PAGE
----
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Aug 15th, 2006, 03:17 AM
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You will still see live chickens for sale in markets (in Hong Kong at least, I just was in the market in Wan Chai today). I assumed the OP was talking about cats and dogs, as she referred to seeing animals that she is used to being "pets", which typically does not apply to chickens....

If the OP has an issue with that, she should avoid food markets as live fish, shellfish and poultry will be on offer. Not to mention the freshly killed ones just hanging out.
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Aug 15th, 2006, 04:22 AM
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We spent a week in Beijing, walking around both the obligatory tourist sights and the city's daily street life, including street markets, and didn't see anything disturbing. Certainly no dogs, although I'd have been happy to donate my neighbour's nasty little poodles to the nearest wok.

Relax, no need to stress - just enjoy your time in one of the world's great cities.
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Aug 15th, 2006, 04:51 AM
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Fascinating - seems it's OK as long as you don't see it.

If it's such a point of principle with you then why go anywhere where dogs and cats are eaten?

And when push comes to shove - unless you are a vegetarian - then you need to be sure in your own mind why it is OK to eat cow or sheep, but not dog.

I don't know the answer but like some intellectual rigour now and then.
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Aug 15th, 2006, 06:32 AM
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Thank you for all of your advice and information. I feel a little silly as it does sound like a lot of wives tales I have bought into. I feel much better about the upcoming trip.

thank you.
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Aug 16th, 2006, 05:40 AM
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Unlike you, I actively searched out the wild animal markets because I wanted to see something different -- you will not inadvertantly stumble upon cats, dogs or endangered species unless you make an effort. So, don't go to Qingping Market in Guangzhou (its like a zoo where all sorts of exotic animals can be purchased for food, and also lots of cats), and in the very back of the main food market in Xian I saw lots of dogs. I went to the wet markets in Beijing and it was all fruit, vegetables and fish. If you stick to the main tourist sites, you won't have any strange encounters.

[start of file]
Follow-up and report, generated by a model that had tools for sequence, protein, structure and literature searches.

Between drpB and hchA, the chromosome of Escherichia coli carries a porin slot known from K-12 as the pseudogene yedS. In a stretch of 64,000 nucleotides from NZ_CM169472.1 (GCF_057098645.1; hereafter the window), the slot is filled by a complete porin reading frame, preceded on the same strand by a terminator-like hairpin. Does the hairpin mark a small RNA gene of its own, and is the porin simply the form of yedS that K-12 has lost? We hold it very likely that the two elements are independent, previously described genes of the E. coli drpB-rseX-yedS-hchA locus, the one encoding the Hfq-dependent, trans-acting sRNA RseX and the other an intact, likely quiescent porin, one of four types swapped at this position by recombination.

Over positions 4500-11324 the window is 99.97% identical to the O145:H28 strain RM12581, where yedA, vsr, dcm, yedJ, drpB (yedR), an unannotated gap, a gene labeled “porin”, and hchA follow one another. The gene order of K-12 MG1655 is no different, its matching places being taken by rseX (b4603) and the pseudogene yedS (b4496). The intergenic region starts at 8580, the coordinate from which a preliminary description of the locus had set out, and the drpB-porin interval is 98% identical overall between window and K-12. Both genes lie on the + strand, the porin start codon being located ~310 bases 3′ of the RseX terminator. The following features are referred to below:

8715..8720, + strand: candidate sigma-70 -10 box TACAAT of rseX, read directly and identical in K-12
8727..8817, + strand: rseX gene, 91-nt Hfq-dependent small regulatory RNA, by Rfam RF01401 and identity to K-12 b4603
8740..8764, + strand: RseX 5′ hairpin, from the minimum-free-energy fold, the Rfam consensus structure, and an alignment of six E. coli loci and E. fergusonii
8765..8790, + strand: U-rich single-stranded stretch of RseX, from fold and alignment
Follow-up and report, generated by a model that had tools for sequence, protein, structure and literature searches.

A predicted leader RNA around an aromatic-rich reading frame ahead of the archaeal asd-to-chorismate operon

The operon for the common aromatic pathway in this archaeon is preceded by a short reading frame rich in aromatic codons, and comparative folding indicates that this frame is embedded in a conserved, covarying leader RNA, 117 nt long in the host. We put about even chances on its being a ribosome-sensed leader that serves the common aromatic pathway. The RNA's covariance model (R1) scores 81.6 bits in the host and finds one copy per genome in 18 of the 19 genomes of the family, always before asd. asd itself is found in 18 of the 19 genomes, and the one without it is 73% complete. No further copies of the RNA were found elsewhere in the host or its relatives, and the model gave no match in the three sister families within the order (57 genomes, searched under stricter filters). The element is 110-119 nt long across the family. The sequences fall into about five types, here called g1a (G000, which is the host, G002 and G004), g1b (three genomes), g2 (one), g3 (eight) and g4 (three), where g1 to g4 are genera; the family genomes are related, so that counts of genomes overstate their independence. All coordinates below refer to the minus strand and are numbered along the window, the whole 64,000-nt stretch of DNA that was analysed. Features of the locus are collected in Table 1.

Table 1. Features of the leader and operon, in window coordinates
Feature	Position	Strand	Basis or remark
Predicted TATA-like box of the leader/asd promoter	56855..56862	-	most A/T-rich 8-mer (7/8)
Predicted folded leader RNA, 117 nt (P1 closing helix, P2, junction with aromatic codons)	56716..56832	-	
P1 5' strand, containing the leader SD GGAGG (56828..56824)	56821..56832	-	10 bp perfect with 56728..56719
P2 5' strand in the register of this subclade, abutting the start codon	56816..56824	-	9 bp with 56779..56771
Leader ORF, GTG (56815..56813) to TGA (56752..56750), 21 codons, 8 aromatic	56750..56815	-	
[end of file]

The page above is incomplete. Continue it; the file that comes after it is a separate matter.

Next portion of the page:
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Aug 16th, 2006, 06:36 AM
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But the strange encounters make for the best travel stories!
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Aug 16th, 2006, 07:00 AM
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Hi

I went to China a couple of years back...we went to Beijing, Xi'an and Hong Kong. I didn't see anything unusual on the menu. I have posted my trip report with pictures here: http://gardkarlsen.com/china_beijing.htm

Regards
Gard
http://gardkarlsen.com - trip reports and pictures
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Aug 16th, 2006, 08:40 AM
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I wouldn't be so sure you won't run across a "non-Western approach" to animals in the normal course of your travels. One time in Shenzhen, I met up with a Hong Kong SWAT team on a shopping trip. After a couple hours in a tea shop, they invited me to accompany them to their favorite restaurant. When the cab pulled up, there were so many cages in front on the sidewalk that I thought it was a pet store. We ate for about six hours and before many of the courses, one of the gents would excuse himself and go outside to select the next course.

In addition, I can remember at least two restaurants in Beijing that had a remarkable variety of meat on the menu, printed in English I might add. One of them did serve dog, as well as mule, goat, horse. It's an awfully large country and there is no predicting what you'll run across. That's the magic of travel.
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Aug 16th, 2006, 10:14 AM
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These people have NOT been in the same China I was in several times. 1. when you see a pussy cat in a basket on a counter in a restaurant, that cat is not there looking for adoption. When you see one or more cats tied up outside a restaurant (I have - many places incl Guilin, Hainan, Guangzhou), they are not there because the Restauranteur is so fond of kitties. Yes, you will see this & you have to go have to avert your view.
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Aug 16th, 2006, 10:32 AM
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If you see a cat in a cage along with other exotic animals, then yes, they're for food. Such restaurants do exist, but they are really "specialty" place. Just like you don't find bison or ostrich meat on menus at most restaurant in the US.